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WORKING TITLE: JOURNEYS FROM BERLIN/1971

UK / Germany / USA, 1980 (MIFF 1981, Avant-Garde)

Director: Yvonne Rainer

In Journeys from Berlin/1971, there are five characters a man, a woman and an adolescent girl who "appears" on the sound track, a female psychoanalytic patient in her early fifties, and a therapist, or analyst, played alternately by a man, a woman, and a nine-year-old boy The speech of the analytic session is synchronous with the image The voice-over of the other three people bears a constantly shifting relationship to a recurrent gamut of images views from a moving train window and various apartment windows in Berlin, London and New York; tracking shots in close-up scanning a mantelpiece cluttered with objects; aerial views of Stonehenge and the Berlin Wall; and a sequence of highly formalised editing that deals with a man and woman walking in an outdoor urban space.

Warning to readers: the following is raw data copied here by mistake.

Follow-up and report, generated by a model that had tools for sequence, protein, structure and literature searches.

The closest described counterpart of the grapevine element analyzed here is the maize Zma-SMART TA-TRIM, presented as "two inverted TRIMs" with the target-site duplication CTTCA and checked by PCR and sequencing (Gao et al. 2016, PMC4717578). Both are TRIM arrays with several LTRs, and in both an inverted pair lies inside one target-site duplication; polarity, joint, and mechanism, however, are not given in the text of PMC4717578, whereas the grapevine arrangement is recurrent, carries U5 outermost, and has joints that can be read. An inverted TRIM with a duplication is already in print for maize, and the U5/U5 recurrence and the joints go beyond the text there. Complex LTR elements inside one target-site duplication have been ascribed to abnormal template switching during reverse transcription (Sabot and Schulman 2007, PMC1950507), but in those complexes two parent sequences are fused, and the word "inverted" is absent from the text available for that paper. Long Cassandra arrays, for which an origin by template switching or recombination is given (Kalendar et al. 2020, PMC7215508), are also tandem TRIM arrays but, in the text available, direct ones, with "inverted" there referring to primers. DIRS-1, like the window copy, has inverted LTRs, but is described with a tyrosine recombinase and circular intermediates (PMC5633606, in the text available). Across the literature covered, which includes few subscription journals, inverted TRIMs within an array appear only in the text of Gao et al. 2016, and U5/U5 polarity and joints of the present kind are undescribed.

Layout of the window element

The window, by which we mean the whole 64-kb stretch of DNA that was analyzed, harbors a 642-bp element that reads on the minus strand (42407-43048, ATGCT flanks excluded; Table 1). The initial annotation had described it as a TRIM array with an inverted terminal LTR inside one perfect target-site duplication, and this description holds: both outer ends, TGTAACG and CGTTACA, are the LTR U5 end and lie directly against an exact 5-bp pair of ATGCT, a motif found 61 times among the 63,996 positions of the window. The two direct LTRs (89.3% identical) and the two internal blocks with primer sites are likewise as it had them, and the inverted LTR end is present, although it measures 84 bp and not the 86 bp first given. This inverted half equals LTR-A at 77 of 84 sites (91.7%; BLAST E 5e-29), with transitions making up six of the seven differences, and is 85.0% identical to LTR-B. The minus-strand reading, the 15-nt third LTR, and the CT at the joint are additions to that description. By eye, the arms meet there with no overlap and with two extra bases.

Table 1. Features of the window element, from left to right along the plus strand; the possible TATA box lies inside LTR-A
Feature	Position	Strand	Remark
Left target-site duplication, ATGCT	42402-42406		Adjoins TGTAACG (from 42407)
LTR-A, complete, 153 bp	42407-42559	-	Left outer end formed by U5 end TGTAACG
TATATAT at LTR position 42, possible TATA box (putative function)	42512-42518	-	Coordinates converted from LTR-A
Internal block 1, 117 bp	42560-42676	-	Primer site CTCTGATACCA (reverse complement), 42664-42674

The patient reminisces, falls asleep, harangues the analyst, complains. and finally begins to examine her own suicide attempt, which took place in Berlin in 1971. The man and woman of the sound track prepare dinner and read to each other from the writings of various revolutionaries who have attempted political "attentat", such as Vera Zasulich and Alexander Berkman and others such as Emma Goldman, Vera Fig ner and Ulrike Mein hof. The inevitable comparisons are made - and rejected - between 19th century Russian and contemporary German acts of political violence. interwoven with these voices is the voice of the adolescent girl reading from a (her?) diary kept during the 19505.